In fact, I think that mediation can be a helpful way for you to understand whether it's worthwhile progressing your claim. The mediators at MBIE can assist you in understanding your claim and your risks, and many will help you go through a pro/con analysis. This part of the process is absolutely free, and it is invaluable in my opinion.


The biggest fear with publication is that a future employer would read your determination on the internet, and irrespective of whether you are successful, determine you are a trouble maker. This is a significant reality, and many applicants before the Employment Relations Authority have struggled to find employment.

I need to be straight up: Most cases will be published. However, if you believe you have good grounds for non-publication, you may make a request to the Employment Relations Authority that either your name, or the names of both parties, be removed from publication.

There is a high threshold with this; so don't get your hopes up. However, if there are genuine concerns for your safety, your health and wellbeing, or your privacy; then non-publication may be granted.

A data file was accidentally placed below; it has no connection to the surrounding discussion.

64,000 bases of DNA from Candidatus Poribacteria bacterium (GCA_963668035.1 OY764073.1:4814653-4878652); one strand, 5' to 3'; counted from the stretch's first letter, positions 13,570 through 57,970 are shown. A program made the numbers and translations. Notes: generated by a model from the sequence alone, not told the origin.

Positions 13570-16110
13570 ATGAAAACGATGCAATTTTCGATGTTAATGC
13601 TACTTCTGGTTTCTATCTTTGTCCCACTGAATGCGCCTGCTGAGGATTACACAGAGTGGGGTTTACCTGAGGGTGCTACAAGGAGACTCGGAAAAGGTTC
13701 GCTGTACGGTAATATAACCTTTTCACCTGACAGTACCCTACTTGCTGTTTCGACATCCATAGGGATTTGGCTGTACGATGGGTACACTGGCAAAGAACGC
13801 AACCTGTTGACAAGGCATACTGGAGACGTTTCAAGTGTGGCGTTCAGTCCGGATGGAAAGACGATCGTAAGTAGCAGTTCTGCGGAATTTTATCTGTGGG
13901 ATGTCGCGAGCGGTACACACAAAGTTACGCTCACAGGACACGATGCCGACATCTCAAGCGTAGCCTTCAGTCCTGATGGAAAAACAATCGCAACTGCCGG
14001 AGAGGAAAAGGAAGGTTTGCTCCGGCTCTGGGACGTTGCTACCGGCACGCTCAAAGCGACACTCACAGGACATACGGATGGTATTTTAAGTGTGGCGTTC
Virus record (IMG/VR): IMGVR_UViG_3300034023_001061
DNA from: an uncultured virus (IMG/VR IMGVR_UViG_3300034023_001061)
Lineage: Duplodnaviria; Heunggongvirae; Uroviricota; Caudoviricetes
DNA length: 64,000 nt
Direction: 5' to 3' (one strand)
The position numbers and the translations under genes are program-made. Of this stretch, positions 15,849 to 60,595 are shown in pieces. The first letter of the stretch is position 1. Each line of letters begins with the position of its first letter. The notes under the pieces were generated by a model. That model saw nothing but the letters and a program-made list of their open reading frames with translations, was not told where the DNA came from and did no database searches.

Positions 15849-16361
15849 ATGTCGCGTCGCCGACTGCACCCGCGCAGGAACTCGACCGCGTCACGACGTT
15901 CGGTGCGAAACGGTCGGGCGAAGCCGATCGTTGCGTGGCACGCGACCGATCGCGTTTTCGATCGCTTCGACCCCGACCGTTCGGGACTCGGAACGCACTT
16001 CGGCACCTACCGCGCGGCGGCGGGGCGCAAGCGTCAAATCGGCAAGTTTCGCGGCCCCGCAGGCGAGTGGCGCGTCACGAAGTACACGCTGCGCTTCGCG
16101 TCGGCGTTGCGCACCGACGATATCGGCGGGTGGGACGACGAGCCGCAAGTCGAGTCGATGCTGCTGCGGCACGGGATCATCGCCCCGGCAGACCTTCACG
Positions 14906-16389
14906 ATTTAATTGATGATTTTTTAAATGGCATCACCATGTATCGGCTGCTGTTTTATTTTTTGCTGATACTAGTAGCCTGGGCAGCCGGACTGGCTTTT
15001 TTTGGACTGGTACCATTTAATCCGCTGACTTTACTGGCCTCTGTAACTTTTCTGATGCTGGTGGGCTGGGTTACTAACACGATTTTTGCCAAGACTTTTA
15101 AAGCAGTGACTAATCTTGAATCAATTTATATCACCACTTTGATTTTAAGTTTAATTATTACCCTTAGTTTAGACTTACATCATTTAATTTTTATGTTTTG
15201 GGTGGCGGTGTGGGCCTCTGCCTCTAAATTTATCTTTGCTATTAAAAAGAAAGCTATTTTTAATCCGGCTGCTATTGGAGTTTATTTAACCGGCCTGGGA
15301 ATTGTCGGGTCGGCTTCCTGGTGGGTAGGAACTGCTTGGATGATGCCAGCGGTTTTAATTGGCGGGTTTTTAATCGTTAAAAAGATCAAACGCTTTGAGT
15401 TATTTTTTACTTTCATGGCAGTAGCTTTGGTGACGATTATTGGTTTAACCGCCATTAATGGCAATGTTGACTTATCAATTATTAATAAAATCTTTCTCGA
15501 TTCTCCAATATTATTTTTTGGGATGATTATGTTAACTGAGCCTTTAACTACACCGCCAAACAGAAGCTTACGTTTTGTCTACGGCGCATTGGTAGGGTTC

The Employment Relations Authority could also choose not to publish certain facts. For example, if you disclose that you had become suicidal as a result of the trauma experienced in your workplace; the Employment Relations Authority may not publish this information.

It is possible to progress to the non-publication application stage, and then withdraw if you are not granted non-publication. This is a preliminary matter that is often heard well in advance of the Investigation Meeting.

Mitigating costs

If you are unsuccessful at the Employment Relations Authority, you will be provided an opportunity to give submissions on the matter of costs. This means you will be given the opportunity to write to the Employment Relations Authority, arguing why you shouldn't be required to pay the full contribution to costs (the starting point being $4,500 for the first day, and $3,500 for every day thereafter).